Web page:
Saturday, December 26, 2009

Christmas in Tokyo

With winter in Tokyo comes the arrival of the sweet potato vendors. All day long these guys wheel around a cart that has a wood fire burning inside. They are cooking and selling the sweet potatoes that they grew on their farms just outside the city. The megaphone at the top of the cart lets them call out as they traverse through the streets. One vendor is often parked outside the gates to my work in the morning. Though the potato itself is rather dry and bland, kept inside the bag, it makes a fabulous lap warmer for ridiculously cold offices, and the sweet earthy aroma is out of this world.

Also during the winter, the Tokyo Dome area becomes illuminated.
The tradition for Christmas here in Tokyo is a little odd. Apparently it is a big date night during which couples eat fried chicken (?!) Since I was in California for the 25th, rather than venture to KFC all by his lonesome, Ryan decided to wander around the dome and check out all the cool lights instead.
Oh and one other thing that happens during winter is a visit from the christmas chopperman. Just kidding. We have no idea why this grown man is dressed up, but we love that he is wearing the pink version of the silly hat the grad students gave me, along with what I guess is a pink reindeer costume (but do reindeers have tails like that? I am so confused).

Tuesday, December 15, 2009

a little cosplay at tokyo dome

Apologies, friends. We are woefully behind on blog updates. Here are some very old pictures from Ryan's phone from a day last month (maybe even September?) when we just stumbled onto the strangest thing. We were each in different parts of the city and decided to rendezvous at the Tokyo Dome amusement park for dinner. I was over on the side with the log ride and the starbucks when I get a text from Ryan from the side with parachutes and goth stores: "omg get over here quick".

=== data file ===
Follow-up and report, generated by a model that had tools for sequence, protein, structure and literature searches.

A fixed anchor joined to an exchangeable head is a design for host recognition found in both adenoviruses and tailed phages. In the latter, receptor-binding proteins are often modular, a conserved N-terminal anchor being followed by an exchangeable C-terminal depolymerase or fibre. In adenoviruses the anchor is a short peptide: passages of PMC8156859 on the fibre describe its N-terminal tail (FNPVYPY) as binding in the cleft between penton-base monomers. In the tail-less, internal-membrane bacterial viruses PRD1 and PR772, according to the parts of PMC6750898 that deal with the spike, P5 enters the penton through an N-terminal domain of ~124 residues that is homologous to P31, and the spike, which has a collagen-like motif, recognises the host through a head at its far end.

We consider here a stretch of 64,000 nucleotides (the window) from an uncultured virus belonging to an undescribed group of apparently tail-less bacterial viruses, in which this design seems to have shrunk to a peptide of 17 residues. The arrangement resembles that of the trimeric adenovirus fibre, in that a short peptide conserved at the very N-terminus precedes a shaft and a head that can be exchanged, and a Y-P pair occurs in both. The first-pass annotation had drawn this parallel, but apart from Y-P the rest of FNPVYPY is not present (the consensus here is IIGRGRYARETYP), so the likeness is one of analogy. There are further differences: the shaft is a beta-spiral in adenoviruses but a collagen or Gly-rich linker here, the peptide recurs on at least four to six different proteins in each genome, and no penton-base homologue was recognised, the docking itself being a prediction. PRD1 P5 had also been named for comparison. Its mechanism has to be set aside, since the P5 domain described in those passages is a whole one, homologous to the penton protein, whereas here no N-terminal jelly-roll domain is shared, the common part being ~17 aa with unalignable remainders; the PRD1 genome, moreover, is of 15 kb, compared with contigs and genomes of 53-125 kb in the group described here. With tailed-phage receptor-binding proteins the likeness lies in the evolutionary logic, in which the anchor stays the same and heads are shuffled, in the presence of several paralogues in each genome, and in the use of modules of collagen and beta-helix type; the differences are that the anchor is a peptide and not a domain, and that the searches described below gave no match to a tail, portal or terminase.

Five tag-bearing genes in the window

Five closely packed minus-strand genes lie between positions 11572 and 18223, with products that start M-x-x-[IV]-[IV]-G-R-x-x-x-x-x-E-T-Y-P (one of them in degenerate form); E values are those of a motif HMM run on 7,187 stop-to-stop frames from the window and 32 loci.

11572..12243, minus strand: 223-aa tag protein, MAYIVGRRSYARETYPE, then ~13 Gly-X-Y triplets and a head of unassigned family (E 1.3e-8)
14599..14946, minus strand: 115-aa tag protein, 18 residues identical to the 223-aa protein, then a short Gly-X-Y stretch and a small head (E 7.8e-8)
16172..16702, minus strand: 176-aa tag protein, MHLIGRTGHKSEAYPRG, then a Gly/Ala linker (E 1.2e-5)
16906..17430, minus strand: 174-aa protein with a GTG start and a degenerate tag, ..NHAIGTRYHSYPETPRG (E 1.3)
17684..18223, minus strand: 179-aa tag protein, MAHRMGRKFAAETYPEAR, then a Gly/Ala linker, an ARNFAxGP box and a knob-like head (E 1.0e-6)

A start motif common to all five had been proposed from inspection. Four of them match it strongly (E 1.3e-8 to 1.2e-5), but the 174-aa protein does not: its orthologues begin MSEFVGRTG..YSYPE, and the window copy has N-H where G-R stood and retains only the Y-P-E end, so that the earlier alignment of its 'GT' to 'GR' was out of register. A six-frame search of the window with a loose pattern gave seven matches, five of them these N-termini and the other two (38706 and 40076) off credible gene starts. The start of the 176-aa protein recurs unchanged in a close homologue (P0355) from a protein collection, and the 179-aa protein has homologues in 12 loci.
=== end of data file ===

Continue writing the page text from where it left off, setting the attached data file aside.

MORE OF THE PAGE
Apparently it was costume day at the dome. Everywhere you looked, folks were decked out from head to toe in extremely elaborate getups. Here by the merry-go-round we seemed to have interrupted a proposal. No wait, they aren't moving. 25 pictures taken by the gal in black and yellow later and they still are not moving. From what we could gather this is a day (perhaps following a more formal staged event) when guys and gals get together to reenact stills from their favorite cartoon or comic strip.

Some were all sweetness and innocence; others were ready to throw down (though I am dubious about the efficacy of those cardboard swords and platform boots).

Most were just completely baffling to us.

The only constant was that there were lots and lots of pictures taken. Here, of course, a gal with white hair, red contact lenses and a baby chicken on her head pretends to be beaten with a fry pan by a swedish dairy maid, while the purple-haired sailor captures the scene for posterity.

Our favorites, by far, though were these two photographers. I know, it is kind of hard to tell since they blend in so well.

Thursday, December 03, 2009

Hakone no kuro-tamago

We were recently invited on a weekend trip to Hakone, which is a town about two hours southeast of Tokyo. The women we went with are volunteers at the local community center (same ones who roped me into teaching the cooking class) and wanted to show us some Japanese culture. It was the last weekend or so of the fall colors, so seeing the countryside was lovely and we even got a glimpse of Mt. Fuji. Unfortunately it was a three day weekend so we weren't the only ones trying to get out of town. After what ended up being an eight hour car ride, the only thing we had time for on the first night was a traditional meal in the hotel.